The purpose of this study was to determine the efficacy of balloon expandable stents in the relief of obstructed conduits in the right heart, and to review both the immediate success and longevity of this palliation.
Endovascular stents where placed in 17 children, median age 4.7 yrs (range 0.46–16.2 yrs), at a median of 1.6 yrs (range 0.33–6.7 yrs) after placement of conduits at surgery. A second stent was required in two children, either because of migration of the initial stent or residual proximal stenosis. Mean right ventricular to systemic pressure ratios were reduced from 0.77 ±0.24 to 0.50±0.13, and the minimum area of the pulmonary outflow tract increased from 24±12% to 69±26% of that expected for body surface area. Further surgery was needed in 8 patients following placement of the stent, in 5 within 10 months of implantation, due to inadequate relief of obstruction. Nonetheless, 3 of these 8 children achieved satisfactory palliation 18, 21 and 24 months prior to requiring insertion of a new conduit. Actuarial freedom from reoperation was 44% at 24 months. The remaining 9 children continue to benefit from the relief in obstruction provided by the stent at a mean interval from implantation of 24±8 months. In this group, the mean Doppler gradient across the right ventricular outflow tract was 35 ±13 mmHg (n=6).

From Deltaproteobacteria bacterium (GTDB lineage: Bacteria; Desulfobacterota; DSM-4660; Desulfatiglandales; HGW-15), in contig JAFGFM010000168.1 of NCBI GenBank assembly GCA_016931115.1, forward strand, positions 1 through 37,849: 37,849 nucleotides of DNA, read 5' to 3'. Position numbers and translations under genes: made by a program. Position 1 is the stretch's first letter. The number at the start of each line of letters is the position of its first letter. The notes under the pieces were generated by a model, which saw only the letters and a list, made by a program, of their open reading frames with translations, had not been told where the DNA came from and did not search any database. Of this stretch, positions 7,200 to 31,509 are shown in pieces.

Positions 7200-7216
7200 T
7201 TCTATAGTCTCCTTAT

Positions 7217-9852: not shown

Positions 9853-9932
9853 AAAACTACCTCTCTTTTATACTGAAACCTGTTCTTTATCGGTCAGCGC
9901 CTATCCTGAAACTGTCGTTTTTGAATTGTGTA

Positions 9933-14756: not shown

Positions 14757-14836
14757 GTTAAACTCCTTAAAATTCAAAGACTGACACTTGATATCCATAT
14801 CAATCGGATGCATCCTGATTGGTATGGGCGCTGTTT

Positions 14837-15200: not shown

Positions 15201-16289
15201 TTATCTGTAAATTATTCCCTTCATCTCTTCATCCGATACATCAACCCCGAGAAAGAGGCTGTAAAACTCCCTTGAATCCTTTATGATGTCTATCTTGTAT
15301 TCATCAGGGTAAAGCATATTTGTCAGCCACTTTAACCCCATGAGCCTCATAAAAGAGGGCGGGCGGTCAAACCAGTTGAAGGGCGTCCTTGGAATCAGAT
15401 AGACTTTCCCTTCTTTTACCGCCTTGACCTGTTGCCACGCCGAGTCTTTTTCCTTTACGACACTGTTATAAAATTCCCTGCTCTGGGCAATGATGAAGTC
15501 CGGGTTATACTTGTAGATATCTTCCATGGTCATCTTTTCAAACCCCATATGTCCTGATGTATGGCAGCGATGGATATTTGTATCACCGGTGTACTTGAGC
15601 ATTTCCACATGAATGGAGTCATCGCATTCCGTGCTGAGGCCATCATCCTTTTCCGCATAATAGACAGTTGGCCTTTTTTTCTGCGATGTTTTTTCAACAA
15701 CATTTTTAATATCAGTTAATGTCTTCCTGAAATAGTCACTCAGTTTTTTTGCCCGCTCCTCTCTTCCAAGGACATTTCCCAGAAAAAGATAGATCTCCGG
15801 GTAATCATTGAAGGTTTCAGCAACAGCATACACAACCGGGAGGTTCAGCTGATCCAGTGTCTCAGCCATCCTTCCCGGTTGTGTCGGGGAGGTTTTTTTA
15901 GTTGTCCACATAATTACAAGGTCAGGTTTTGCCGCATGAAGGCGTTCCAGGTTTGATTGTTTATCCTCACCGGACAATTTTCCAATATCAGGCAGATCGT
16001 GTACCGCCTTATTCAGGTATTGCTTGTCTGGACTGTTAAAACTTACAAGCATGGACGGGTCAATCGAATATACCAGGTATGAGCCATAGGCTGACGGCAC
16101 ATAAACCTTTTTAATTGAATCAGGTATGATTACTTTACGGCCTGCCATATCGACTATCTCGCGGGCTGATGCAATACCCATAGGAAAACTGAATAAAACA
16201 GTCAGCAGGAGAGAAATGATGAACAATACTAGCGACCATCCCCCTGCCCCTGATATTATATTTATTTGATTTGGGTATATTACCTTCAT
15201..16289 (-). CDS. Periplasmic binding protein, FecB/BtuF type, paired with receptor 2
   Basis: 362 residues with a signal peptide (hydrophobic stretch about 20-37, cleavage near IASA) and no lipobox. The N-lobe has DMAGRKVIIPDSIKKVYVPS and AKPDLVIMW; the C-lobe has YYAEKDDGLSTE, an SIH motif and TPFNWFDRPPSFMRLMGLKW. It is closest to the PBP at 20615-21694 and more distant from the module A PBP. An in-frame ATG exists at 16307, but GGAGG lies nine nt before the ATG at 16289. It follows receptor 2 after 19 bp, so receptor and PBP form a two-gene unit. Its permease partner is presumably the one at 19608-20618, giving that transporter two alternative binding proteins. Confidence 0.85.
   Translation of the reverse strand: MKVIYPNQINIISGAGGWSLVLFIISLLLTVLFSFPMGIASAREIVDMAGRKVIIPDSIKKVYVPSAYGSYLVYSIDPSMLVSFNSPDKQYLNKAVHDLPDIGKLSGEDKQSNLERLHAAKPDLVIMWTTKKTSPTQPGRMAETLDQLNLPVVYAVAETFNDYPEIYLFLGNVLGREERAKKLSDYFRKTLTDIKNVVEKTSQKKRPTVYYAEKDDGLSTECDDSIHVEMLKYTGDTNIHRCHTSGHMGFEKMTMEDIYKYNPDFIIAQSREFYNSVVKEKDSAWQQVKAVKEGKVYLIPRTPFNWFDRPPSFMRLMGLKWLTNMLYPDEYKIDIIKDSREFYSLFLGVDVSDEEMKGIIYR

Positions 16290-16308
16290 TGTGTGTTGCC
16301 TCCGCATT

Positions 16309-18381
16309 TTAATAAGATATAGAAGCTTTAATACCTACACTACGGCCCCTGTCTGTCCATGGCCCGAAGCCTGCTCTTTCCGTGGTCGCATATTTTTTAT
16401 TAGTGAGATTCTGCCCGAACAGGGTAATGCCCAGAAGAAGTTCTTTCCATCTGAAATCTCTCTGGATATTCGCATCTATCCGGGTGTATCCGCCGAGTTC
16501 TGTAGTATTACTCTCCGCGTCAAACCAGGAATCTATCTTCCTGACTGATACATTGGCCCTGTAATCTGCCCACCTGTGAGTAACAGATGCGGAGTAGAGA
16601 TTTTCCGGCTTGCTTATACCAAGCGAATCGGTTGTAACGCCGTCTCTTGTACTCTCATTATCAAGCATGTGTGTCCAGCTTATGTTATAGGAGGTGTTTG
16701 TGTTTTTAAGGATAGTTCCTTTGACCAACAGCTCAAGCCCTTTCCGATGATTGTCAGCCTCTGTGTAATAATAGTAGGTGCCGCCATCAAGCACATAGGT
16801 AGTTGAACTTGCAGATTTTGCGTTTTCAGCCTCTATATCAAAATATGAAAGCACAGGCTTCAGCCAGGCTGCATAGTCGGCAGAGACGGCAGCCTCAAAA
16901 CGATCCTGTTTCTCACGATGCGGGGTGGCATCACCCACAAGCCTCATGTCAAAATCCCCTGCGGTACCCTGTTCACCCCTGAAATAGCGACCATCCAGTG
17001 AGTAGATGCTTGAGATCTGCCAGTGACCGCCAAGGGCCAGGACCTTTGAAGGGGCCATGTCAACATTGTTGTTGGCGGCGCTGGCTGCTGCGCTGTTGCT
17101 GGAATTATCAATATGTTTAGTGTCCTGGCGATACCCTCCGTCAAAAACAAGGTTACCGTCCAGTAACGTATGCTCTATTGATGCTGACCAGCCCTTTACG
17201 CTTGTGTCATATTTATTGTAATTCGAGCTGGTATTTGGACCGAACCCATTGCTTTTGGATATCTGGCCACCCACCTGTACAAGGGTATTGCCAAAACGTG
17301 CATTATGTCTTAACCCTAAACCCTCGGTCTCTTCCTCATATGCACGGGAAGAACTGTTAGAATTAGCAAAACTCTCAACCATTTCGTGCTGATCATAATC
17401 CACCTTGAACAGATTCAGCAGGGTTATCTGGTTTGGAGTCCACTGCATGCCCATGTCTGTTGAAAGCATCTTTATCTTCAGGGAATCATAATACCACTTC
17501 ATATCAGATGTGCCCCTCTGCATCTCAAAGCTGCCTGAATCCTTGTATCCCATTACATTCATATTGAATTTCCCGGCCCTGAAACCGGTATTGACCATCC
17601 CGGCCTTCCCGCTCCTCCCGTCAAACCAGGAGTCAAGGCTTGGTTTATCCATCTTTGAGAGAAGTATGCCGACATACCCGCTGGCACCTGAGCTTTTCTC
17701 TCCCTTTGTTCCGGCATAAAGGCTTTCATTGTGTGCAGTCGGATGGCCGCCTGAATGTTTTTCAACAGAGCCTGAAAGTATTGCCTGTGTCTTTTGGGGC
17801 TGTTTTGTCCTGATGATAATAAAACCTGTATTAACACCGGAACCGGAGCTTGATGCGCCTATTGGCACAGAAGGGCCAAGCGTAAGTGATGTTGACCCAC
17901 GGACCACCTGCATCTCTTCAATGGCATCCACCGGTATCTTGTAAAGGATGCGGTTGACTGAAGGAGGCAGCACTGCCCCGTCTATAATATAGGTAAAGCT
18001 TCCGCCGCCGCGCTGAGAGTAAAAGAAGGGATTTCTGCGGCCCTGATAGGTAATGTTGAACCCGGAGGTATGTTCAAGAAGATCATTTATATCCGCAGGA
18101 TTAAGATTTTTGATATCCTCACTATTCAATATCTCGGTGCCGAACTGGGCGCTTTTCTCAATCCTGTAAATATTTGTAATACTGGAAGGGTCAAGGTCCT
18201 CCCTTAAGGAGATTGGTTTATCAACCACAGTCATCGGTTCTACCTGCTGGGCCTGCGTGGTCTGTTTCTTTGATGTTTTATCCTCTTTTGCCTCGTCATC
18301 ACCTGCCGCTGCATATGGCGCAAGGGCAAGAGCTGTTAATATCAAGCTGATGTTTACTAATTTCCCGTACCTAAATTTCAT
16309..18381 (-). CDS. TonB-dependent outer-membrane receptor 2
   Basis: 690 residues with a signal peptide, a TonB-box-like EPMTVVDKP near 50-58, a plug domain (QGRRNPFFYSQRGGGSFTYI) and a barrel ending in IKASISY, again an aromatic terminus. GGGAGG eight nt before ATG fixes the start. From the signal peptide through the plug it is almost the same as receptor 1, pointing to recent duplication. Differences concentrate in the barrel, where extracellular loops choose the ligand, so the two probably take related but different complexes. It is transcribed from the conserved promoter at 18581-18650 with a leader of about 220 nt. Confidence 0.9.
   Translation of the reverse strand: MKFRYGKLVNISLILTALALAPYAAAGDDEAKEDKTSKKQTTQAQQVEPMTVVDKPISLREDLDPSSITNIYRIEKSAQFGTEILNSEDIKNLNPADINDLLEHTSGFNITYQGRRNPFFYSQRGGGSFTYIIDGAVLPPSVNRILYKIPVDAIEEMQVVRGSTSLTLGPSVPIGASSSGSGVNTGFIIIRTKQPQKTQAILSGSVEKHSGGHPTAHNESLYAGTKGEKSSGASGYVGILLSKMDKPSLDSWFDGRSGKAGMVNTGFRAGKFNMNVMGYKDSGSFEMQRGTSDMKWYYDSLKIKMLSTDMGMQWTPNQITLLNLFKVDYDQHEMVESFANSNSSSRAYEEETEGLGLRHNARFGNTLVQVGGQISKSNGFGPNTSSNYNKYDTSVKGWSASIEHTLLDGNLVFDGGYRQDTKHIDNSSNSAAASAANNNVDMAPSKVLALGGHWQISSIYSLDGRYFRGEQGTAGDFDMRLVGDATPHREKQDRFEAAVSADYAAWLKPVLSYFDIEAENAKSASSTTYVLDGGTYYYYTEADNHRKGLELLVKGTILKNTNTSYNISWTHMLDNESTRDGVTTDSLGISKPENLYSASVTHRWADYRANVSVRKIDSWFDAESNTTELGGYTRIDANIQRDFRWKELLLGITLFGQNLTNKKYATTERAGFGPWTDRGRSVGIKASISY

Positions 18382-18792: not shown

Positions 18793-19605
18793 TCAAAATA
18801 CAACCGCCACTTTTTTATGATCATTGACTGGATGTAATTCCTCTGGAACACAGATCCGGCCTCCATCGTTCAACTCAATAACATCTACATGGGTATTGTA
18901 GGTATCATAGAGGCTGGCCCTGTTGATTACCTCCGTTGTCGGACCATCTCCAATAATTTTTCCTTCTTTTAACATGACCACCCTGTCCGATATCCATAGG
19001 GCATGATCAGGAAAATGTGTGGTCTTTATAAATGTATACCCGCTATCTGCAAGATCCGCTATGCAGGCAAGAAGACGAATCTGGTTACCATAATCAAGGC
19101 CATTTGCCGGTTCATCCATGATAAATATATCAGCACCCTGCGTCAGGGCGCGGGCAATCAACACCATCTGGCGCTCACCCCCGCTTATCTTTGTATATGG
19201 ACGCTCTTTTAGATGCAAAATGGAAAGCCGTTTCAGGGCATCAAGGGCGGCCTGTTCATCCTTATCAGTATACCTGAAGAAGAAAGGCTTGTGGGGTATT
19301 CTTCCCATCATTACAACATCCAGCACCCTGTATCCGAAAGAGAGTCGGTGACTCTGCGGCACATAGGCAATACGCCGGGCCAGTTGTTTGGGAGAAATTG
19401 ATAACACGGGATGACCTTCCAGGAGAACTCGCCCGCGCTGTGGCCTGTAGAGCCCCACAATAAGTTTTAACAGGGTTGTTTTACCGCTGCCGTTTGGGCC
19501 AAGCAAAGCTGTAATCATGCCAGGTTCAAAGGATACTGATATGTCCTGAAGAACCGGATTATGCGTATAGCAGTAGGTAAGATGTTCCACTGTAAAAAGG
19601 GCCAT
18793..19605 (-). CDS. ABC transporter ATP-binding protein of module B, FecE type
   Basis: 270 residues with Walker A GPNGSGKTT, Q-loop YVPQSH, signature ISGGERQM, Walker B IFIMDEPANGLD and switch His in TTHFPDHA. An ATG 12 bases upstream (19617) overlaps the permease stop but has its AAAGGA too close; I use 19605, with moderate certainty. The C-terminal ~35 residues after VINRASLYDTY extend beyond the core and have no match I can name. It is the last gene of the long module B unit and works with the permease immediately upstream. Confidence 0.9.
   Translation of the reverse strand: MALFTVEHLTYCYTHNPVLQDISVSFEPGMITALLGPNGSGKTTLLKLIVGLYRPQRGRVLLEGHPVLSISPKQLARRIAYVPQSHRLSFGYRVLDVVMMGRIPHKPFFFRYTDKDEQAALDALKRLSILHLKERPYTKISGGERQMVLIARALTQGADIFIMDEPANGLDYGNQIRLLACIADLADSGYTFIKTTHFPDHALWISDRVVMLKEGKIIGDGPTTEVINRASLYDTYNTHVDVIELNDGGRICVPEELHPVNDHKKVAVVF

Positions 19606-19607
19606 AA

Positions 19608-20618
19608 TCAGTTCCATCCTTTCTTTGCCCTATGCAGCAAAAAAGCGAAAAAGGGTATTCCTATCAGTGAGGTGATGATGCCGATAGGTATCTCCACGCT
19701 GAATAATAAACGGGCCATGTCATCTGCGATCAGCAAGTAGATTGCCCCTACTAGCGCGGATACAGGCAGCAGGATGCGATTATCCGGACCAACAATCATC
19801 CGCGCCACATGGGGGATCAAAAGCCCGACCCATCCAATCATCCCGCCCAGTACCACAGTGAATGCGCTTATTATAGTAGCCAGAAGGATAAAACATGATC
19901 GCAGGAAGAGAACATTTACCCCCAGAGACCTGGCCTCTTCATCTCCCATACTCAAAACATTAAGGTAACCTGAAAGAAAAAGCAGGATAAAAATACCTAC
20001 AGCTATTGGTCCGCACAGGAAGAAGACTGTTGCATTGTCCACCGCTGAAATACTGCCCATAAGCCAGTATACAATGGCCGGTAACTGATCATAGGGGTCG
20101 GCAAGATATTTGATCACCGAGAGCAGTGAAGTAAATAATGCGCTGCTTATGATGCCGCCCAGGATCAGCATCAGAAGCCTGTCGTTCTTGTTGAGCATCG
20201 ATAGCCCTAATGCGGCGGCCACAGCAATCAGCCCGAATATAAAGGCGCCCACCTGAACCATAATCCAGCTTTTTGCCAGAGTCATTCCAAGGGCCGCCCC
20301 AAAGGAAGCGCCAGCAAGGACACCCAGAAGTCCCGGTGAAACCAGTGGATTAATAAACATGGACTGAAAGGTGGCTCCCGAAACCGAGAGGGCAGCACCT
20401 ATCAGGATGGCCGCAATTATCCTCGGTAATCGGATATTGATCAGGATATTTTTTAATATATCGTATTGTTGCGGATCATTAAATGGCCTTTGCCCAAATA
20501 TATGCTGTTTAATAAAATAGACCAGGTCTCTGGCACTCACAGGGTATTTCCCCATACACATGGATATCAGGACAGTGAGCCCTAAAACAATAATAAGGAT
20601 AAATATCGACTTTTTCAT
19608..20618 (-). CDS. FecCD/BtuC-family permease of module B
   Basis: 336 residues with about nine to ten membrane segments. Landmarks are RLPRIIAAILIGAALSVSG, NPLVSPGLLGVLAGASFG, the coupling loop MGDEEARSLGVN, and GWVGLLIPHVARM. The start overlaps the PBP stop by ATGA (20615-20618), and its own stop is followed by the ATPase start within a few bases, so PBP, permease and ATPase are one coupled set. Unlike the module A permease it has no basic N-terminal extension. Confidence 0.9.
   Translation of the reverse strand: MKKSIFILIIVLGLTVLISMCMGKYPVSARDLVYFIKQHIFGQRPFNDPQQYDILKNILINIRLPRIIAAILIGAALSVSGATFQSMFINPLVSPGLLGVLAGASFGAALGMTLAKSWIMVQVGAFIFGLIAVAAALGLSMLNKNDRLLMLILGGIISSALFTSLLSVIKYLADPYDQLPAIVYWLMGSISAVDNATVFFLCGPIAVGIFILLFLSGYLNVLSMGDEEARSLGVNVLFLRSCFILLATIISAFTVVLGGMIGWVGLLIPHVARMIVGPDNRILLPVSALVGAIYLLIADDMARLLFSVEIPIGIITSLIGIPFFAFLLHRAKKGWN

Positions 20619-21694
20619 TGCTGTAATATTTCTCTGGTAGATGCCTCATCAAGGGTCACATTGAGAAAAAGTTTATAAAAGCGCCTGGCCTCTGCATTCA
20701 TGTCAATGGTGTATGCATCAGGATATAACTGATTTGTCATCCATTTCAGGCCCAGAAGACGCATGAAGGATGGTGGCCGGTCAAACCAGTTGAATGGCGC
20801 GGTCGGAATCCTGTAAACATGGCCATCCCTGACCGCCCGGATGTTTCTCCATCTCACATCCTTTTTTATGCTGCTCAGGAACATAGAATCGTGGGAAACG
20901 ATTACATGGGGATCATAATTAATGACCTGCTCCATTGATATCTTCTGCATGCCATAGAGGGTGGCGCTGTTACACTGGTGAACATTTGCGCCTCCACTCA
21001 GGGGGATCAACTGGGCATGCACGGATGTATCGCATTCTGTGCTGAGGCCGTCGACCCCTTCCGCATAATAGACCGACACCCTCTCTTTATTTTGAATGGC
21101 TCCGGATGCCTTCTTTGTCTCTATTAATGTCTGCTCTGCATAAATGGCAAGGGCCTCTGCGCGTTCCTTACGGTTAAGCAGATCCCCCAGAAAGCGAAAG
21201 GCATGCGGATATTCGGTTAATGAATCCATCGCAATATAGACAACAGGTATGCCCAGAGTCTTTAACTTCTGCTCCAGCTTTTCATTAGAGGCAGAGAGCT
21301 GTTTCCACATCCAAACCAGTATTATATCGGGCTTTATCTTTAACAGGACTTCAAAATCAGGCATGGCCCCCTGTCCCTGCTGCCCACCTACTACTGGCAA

These early data indicate that endovascular stents are useful in the palliation of obstructed right ventricular conduits. In the short-term, the relief of obstruction achieved is well maintained, and has either delayed or obviated the need for insertion of new conduits.